Grades. Coffee grades are based on size of beans and number of defects. Kona coffee is graded Extra Fancy, Fancy, No. 1 and Prime (Type I) and Peaberry (Type II). The more expensive Peaberry has a reputation for being more intense, full-bodied and flavorful. Extra Fancy and Fancy are also a very intense coffee with excellent full-bodied flavor which should be mellow to the taste and leave a good after-taste. No. 1 and Prime are primarily commercial grades used by roasters and blenders in bulk, with the distinct excellent Kona body and flavor.
Roasts. The typical roasts are light, medium and dark. Most drinkers prefer the medium or Viennese roast. For those who prefer espresso-type coffees, the dark French roast is recommended. Roasters take the green bean through the first “crackle” to about 450° and then cool rapidly. Dark French roasts take the bean to a second “crackle” to give the bean a slightly burnt and more robust flavor. Home roasters can often replicate professional roasters and roast to their particular requirements. The roasted coffee is then immediately packaged in special coffee bags with one way vents. The roast continues to emit aroma and will often expand the bag until the coffee cools. These aromas are produced by release of the oils contained in the coffee beans during the roasting process.
Freshness. Roasted coffee loses its optimum aroma and flavor over time. Air, moisture, heat and light can break down the coffee. We recommend storing coffee in sealed airtight containers (either the original coffee bag or porcelain containers with rubber seals). Do not store in a refrigerator or freezer, as moisture may accumulate around the beans. Grind only the amount of coffee you will use in a week. Ground coffee tends to lose flavor faster than whole beans.
Grinding. Grind to the correct level. Too fine will over extract flavor and possibly cause a bitter cup of coffee. Too coarse of a grind will taste watery with flat or little flavor and no body. Experiment with your grinder to get exactly the right brew for you. Generally, grind coarse for French Press, medium for drip brew (most common) and fine for Espresso.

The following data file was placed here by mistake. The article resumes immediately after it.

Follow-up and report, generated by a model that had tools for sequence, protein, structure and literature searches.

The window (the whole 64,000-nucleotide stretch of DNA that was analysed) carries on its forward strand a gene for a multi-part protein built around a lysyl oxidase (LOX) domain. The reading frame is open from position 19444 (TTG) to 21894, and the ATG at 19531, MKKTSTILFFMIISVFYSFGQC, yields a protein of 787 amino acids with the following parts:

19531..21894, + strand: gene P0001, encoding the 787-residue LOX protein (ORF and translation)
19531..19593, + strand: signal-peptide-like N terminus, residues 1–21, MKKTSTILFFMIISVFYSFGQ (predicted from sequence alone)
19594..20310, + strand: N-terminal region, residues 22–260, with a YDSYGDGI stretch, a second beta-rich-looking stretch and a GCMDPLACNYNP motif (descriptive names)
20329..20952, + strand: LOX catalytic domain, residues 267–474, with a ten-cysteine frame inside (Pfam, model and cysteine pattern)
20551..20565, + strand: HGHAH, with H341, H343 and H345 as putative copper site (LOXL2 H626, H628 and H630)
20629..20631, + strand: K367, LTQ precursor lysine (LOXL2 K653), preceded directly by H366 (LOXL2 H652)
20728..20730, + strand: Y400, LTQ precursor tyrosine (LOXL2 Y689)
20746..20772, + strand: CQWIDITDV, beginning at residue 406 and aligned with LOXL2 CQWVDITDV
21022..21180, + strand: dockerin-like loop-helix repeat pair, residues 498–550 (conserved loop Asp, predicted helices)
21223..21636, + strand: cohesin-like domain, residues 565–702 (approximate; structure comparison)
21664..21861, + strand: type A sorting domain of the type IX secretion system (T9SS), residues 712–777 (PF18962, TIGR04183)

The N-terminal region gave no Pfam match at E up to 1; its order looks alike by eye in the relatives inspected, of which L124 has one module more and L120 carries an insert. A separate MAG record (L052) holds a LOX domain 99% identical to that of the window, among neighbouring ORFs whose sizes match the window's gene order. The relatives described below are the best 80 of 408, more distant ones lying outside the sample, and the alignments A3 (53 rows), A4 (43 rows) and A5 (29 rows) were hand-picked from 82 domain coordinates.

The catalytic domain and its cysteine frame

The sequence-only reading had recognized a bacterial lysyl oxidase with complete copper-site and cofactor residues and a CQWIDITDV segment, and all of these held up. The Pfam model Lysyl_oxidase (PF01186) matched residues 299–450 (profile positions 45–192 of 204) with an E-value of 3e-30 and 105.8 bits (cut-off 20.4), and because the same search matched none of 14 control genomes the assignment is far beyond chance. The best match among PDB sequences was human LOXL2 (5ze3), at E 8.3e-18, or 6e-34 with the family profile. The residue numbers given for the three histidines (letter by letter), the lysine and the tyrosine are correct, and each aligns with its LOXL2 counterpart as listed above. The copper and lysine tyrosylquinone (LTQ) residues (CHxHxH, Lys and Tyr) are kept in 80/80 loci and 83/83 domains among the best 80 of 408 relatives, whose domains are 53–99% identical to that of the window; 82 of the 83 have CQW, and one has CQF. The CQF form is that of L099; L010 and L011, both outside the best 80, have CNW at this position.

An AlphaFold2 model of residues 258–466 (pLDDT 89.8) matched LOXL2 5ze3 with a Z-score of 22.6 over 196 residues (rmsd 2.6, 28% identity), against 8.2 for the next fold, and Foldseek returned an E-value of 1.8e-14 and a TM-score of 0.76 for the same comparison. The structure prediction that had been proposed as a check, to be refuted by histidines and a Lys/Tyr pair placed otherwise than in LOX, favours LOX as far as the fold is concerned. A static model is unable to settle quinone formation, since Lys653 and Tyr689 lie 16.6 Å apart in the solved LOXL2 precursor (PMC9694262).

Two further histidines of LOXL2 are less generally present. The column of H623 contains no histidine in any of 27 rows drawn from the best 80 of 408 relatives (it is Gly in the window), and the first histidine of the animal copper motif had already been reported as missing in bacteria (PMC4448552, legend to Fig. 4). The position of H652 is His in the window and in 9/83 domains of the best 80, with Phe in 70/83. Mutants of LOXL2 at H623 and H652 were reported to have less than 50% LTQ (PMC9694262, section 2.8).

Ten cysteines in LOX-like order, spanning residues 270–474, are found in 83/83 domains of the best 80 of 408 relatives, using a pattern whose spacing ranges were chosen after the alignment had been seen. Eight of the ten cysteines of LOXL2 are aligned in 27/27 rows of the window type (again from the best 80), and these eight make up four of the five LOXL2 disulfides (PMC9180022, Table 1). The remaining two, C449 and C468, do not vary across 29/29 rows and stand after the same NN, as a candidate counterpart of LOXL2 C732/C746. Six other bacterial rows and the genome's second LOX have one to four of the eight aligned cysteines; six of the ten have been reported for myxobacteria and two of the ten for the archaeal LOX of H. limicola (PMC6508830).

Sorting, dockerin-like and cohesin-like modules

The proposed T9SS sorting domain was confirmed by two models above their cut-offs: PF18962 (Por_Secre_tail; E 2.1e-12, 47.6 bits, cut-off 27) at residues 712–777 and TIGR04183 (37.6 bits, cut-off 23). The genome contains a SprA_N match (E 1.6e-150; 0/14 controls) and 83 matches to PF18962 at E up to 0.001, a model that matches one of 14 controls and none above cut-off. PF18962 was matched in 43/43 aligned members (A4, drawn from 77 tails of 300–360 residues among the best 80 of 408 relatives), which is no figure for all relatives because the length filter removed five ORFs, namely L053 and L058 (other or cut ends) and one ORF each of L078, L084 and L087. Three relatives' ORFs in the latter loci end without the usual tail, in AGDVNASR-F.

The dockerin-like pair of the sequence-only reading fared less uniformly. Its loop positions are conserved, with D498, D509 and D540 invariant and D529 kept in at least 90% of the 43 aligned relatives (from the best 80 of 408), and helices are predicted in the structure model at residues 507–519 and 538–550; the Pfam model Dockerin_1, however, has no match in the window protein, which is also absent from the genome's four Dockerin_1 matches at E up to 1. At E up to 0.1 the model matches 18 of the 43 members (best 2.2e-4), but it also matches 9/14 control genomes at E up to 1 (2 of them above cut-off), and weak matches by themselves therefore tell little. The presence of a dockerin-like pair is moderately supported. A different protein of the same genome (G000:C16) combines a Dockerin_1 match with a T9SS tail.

Proportions. We recommend one level tablespoon of coffee for every 6 oz. cup of coffee for an average strength preferred by most coffee drinkers. Another measure is .4 oz of coffee per cup for an average strength cup and .5 oz. for a stronger cup. Using these measures, a 1 lb. bag of coffee should serve a single drinker with 30-40 cups of coffee.
Water. We recommend filtered cold tap water or bottled water to eliminate undesirable tastes in your cup. Do not use distilled water. Coffee is typically brewed to about 200° F to maximize release of the flavorful oils and aromas from the grind which create the rich, full-bodied, mellow cup of 100% Kona coffee we all enjoy. Do not let your coffee sit too long. It tends to become more bitter as the water begins evaporating and the oils begin breaking down. Freshly brewed is always best.
Maintaining Your Equipment. Be sure to keep all coffee surfaces clean by washing and drying. Water minerals will concentrate and deposit on the side of your pot and can impart an unwanted mineral taste to your next brew. Old coffee oils will also deposit and leave bitter and rancid tastes over time.
Drip or Filtered Method. Use either a paper or metal filter with a medium grind.
French Press. Boil the water, cool slightly and then pour over coarse ground coffee. Let it steep for about 4 minutes before plunging slowly to give the grounds a chance to interact with the water to properly release the aromatic oils. French press coffee is typically stronger than drip coffee.
Espresso Machines. Espresso coffee is darker and stronger than the coffees prepared by drip or press. You will want to use a dark roast (French or Italian) to produce the more robust, slightly burnt taste.